A month-to-month lease can make sense for you as a tenant seeking convenience and flexibility. With this kind of lease, you can end it whenever you choose and are only locked in for a month at a time. If you give your landlord 30 days’ notice in advance of your intention to move, you can terminate your lease without losing your security deposit or incurring any other fines. If you want to purchase a home soon, dwell in a location for fewer than a year, or have erratic future plans, a month-to-month lease may be appealing.
The drawback is that compared to longer-term leases, rent is usually greater. Are you still thinking about signing a month-to-month lease? This is what you can expect.
What is a month-to-month lease?
When you have a month-to-month rental arrangement, you can end it whenever you want as long as you give enough notice. The mandatory notice time may vary from 30 to 90 days, depending on your state. Normally, month-to-month leases automatically renew at the conclusion of each leasing term.
Short-term leases are only sometimes required for month-to-month agreements. Although they are good if you need temporary lodging for a particular situation, month-to-month leases can extend for years. But because of the monthly renewal, a landlord has the right to request your departure at any moment as long as they give you enough notice.
So a lot of homes that were available for sale in the initial days can be easily rented out on a monthly basis. For instance, a capital smart city plot can be rented on a month-to-month lease until it gets sold. Thus it will allow the owner to benefit even before the sale.
Uses of a month-to-month renting agreement
- A month-to-month option may be the default when the initial lease term expires in a long-term leasing arrangement. When a renter chooses not to sign a new lease but still wants to delay moving out, this clause becomes applicable. In this instance, the conditions of the month-to-month agreement, including the new rental rate that will apply and the date the lease becomes month-to-month, will be spelled out in the lease.
- When there is a lot of demand for rental properties in a specific neighborhood, a landlord may decide to use a month-to-month leasing agreement. This may be the case if the property can be rented out for a brief period of time during the year, if there are a lot of students in the region, or if the location is home to a particular sector whose employment varies with the seasons.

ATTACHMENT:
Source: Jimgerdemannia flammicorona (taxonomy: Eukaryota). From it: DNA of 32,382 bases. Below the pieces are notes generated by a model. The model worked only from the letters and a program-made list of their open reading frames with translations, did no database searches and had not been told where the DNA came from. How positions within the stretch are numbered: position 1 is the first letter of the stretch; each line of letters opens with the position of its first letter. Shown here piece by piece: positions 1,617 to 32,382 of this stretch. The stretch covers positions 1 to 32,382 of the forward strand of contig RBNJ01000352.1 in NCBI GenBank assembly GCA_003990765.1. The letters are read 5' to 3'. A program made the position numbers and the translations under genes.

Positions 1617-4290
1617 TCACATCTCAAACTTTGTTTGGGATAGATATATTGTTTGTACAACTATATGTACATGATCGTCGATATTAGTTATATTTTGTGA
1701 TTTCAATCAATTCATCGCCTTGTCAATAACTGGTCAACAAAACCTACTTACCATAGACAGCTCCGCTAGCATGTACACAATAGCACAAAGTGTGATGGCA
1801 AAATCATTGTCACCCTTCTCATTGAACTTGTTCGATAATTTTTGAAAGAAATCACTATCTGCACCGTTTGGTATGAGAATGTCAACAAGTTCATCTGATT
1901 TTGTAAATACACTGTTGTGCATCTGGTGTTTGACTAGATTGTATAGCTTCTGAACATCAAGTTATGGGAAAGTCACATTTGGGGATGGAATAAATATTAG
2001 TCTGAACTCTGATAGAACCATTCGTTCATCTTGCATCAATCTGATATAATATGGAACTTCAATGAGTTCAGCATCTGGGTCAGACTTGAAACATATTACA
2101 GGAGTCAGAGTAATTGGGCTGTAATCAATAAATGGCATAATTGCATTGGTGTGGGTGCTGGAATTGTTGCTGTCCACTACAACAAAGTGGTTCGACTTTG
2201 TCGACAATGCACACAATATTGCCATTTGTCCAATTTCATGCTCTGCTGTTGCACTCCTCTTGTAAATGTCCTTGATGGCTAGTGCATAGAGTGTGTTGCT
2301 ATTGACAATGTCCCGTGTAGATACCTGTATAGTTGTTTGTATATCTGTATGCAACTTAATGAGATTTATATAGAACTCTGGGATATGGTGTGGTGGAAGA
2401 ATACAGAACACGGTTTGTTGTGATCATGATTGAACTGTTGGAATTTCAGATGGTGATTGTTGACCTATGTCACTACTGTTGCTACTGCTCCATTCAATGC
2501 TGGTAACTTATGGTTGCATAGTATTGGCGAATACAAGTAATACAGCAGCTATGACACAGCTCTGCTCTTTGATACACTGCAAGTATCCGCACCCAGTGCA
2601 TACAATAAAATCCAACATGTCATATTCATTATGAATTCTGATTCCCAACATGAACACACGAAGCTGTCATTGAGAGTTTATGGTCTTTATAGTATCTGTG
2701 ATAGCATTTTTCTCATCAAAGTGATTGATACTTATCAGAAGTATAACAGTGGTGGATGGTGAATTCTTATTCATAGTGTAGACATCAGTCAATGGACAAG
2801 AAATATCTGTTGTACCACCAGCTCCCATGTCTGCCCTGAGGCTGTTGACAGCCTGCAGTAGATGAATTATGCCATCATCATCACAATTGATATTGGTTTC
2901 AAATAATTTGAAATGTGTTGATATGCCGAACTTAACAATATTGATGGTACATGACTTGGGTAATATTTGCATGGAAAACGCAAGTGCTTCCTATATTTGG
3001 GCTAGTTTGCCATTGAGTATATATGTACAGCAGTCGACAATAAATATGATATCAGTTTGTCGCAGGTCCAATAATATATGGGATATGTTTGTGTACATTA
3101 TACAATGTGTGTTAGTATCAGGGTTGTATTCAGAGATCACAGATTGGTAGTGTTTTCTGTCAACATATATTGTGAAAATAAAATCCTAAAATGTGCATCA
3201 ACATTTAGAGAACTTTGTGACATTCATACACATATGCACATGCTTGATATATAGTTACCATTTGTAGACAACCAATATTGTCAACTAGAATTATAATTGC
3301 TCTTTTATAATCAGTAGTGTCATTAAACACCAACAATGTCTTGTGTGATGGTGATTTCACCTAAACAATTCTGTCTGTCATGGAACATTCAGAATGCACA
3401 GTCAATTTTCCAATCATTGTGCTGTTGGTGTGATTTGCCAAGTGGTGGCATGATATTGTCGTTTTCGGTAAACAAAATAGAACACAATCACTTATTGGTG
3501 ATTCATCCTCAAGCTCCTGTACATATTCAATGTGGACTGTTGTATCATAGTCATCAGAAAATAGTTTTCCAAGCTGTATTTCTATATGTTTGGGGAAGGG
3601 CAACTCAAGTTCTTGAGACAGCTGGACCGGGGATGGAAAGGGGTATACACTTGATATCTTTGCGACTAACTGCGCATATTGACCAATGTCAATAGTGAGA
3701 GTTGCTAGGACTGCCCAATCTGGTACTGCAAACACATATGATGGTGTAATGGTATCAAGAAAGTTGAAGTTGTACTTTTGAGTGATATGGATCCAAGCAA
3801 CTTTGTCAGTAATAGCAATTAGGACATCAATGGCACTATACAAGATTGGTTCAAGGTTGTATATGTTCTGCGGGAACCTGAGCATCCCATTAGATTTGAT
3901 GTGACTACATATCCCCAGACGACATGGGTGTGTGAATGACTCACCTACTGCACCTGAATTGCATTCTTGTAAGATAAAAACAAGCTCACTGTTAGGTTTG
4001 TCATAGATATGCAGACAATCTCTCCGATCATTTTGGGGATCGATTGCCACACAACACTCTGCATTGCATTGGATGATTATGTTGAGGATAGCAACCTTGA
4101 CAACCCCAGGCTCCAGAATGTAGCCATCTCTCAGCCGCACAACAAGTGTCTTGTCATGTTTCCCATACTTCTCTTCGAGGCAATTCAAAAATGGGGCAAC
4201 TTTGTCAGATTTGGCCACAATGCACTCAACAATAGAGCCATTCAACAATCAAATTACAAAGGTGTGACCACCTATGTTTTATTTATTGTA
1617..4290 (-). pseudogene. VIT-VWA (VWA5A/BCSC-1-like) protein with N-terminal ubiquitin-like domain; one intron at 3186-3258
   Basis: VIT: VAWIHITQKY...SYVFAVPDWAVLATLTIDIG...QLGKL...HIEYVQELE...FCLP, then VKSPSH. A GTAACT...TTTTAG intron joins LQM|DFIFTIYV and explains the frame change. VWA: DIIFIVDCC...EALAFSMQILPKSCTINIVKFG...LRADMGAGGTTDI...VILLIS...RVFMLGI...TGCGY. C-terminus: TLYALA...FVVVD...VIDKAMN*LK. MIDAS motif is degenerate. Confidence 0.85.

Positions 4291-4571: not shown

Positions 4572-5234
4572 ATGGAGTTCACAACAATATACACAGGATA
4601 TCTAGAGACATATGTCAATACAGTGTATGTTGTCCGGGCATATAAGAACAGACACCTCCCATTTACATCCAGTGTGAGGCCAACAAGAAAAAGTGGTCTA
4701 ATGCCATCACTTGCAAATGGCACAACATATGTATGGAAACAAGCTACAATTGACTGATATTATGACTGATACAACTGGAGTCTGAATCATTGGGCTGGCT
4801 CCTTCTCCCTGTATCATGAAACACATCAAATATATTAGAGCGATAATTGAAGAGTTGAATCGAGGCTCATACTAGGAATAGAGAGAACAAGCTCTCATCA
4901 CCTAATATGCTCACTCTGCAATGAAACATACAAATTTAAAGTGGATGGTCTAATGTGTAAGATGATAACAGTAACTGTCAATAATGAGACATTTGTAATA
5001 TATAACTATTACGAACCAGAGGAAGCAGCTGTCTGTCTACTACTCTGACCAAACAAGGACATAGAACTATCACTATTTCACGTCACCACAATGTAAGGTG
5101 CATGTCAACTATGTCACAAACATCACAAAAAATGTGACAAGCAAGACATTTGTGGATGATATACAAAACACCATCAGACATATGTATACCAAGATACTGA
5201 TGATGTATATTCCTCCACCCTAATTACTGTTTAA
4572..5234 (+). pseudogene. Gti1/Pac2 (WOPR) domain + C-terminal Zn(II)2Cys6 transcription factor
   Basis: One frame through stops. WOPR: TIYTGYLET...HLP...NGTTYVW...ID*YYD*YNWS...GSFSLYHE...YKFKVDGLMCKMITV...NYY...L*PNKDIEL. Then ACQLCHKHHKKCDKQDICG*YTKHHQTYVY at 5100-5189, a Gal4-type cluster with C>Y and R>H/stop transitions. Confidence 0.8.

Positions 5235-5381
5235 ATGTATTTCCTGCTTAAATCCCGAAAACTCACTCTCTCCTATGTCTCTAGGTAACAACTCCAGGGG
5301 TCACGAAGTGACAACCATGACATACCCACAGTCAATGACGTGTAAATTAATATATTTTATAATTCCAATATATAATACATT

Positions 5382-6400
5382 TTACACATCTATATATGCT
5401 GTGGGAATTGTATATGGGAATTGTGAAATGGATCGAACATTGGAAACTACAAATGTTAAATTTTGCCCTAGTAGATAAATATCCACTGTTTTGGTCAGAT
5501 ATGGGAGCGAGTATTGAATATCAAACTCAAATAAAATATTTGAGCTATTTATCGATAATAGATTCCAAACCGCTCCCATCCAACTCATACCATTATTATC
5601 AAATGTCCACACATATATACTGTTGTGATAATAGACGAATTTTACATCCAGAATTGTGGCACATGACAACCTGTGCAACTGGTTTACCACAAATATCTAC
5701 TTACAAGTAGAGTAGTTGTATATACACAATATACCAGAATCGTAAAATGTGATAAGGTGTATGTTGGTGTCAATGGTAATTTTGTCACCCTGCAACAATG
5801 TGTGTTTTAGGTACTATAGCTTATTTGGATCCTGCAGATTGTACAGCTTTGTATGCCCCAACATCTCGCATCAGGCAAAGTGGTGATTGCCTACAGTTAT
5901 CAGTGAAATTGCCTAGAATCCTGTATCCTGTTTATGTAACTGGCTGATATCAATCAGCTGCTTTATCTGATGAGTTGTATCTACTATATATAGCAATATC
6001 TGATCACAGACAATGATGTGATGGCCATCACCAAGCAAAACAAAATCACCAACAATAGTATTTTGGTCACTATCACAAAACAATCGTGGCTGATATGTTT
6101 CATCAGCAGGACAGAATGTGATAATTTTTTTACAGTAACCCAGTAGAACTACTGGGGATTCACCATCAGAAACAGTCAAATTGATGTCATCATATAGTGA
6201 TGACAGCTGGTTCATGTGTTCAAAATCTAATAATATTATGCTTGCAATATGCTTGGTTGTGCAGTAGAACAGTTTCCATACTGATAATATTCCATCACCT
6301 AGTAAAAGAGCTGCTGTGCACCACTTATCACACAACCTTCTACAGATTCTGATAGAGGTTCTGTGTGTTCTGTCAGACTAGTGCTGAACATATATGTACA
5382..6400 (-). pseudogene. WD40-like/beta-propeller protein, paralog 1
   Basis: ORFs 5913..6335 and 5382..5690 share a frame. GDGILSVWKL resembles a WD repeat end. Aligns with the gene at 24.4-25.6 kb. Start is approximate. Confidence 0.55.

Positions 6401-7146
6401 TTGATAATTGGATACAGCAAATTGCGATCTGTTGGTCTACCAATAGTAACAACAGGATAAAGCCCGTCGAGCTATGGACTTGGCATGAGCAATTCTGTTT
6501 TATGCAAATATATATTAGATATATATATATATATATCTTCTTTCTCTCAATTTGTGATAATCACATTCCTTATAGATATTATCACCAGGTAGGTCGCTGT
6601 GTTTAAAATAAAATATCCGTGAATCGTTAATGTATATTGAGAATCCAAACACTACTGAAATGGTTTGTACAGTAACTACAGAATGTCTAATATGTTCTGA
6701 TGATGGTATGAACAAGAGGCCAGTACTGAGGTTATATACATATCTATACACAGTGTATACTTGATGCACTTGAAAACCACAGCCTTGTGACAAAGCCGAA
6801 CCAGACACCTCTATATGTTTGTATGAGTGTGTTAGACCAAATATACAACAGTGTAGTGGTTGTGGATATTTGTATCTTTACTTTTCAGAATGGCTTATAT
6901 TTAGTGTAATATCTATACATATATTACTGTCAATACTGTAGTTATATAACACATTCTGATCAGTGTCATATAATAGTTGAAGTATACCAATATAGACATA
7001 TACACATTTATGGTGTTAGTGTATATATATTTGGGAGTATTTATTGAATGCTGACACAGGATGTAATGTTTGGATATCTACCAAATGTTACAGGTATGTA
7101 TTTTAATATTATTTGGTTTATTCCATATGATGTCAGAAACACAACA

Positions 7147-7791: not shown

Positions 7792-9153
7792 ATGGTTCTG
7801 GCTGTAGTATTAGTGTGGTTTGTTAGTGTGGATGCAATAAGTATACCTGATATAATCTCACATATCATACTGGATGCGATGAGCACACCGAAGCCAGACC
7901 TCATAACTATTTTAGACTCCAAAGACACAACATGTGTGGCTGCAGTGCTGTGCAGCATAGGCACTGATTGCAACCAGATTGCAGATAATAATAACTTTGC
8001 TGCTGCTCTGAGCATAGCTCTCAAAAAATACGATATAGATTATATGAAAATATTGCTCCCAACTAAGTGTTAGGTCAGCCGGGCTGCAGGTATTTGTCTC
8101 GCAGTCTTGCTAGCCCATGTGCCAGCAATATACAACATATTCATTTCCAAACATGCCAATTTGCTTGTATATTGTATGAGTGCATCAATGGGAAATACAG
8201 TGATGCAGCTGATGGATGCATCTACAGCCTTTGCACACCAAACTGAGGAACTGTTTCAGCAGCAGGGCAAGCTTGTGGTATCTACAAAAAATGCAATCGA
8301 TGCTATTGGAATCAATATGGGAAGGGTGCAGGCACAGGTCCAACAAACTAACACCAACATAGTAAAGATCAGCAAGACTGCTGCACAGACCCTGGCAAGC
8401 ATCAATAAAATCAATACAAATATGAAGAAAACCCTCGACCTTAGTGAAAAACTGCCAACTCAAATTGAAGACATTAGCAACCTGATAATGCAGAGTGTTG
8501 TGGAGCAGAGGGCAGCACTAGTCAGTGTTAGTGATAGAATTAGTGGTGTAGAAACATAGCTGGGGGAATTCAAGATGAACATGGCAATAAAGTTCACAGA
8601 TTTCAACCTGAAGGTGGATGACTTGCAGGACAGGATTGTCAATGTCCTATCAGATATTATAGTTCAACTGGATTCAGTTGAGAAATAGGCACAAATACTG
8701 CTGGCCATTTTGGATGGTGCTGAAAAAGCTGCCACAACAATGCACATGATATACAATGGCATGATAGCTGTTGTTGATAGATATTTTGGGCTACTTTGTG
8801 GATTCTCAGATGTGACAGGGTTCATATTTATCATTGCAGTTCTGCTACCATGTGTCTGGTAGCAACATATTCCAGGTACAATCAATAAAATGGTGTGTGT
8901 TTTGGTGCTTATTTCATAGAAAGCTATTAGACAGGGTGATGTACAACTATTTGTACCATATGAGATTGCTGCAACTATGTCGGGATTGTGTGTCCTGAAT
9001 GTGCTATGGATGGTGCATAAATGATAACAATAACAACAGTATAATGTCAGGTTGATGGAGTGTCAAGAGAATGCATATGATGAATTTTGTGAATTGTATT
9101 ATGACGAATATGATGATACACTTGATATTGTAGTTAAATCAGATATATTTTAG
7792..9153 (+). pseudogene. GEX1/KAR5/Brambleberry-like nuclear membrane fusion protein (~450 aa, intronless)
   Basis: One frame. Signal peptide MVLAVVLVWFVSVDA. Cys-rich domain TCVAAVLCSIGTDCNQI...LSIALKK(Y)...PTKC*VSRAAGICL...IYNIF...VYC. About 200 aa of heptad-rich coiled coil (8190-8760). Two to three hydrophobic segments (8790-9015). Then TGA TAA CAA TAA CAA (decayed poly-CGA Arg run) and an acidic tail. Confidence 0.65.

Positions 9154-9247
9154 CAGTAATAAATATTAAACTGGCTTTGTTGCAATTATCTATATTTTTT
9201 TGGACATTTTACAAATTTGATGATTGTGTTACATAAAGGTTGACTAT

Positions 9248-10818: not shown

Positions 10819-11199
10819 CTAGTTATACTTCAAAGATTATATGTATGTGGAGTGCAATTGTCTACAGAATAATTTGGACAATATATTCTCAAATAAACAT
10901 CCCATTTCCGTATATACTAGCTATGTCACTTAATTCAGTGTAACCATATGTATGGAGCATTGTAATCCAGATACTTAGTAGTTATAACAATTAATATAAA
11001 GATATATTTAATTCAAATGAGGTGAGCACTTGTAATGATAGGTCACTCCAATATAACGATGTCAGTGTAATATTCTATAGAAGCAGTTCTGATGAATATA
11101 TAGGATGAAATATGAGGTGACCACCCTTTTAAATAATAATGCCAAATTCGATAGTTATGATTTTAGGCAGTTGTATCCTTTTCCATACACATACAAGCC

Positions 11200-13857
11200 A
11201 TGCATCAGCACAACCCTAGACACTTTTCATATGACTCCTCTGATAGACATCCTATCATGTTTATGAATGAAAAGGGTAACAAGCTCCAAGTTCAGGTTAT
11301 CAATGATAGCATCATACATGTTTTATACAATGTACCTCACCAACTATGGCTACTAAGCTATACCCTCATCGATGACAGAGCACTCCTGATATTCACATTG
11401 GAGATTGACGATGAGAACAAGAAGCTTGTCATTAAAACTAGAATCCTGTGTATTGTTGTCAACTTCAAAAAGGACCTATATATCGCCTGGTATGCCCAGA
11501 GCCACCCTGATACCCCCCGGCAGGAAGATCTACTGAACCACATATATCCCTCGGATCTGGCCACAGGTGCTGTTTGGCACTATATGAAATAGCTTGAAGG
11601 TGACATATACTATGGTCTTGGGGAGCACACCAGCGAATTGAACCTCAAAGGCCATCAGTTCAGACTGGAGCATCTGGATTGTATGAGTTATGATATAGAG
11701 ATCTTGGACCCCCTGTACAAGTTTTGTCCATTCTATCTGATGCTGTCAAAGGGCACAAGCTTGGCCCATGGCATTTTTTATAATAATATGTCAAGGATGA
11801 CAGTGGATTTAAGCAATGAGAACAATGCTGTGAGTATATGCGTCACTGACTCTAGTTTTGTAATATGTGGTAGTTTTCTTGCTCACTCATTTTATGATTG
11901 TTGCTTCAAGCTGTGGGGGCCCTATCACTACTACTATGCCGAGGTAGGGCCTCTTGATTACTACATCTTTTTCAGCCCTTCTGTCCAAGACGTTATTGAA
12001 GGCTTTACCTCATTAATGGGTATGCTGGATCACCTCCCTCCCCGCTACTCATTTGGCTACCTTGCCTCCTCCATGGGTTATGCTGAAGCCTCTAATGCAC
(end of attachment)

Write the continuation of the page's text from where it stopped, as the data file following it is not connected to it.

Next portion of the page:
- A month-to-month lease can also be used for a room renting agreement in a private residence. Like any other lease arrangement, this kind is governed by the landlord-tenant regulations in your area.
- Even though renting a room from a homeowner is legal and enforceable in many places, it’s still a good idea to put the agreement in writing and have both parties sign it. In the event that a future issue emerges, this safeguards both the renter and the landlord.
Pros and Cons of month-to-month lease agreements
- Authority over the deadline. Tenants are not required to sign a long-term lease and are free to vacate the property with as little as 30 days’ notice. Landlords have more control over their property because they can decide to terminate the agreement with the same ease.
- Cash flow flexibility. If they so choose, landlords are able to alter the monthly rental amount. Renters can quickly take advantage of a better deal somewhere else.
- Calmness of mind. If a renter leaves before a long-term lease expires, they are not forced to breach the agreement or locate a replacement tenant. Bad tenants can be fired by landlords far more quickly than under a long-term contract.
- Relocating or temporarily replacing a tenant. On short notice, landlords may find themselves stranded with an empty home. It may be necessary for tenants to find new housing quickly.
- Greater rents and less stable income. Because abrupt vacancies that cannot be filled right away may occur, renters typically pay higher rents than those with long-term leases. Rent that is less predictable than what a long-term lease would provide for landlords can be a problem.
- Ambiguity. Renters need to constantly have a fast-move plan in place because they can’t be certain of their lease for longer than a month. It is not guaranteed to landlords that there will always be a pool of renters ready to put up with the volatility of a month-to-month lease.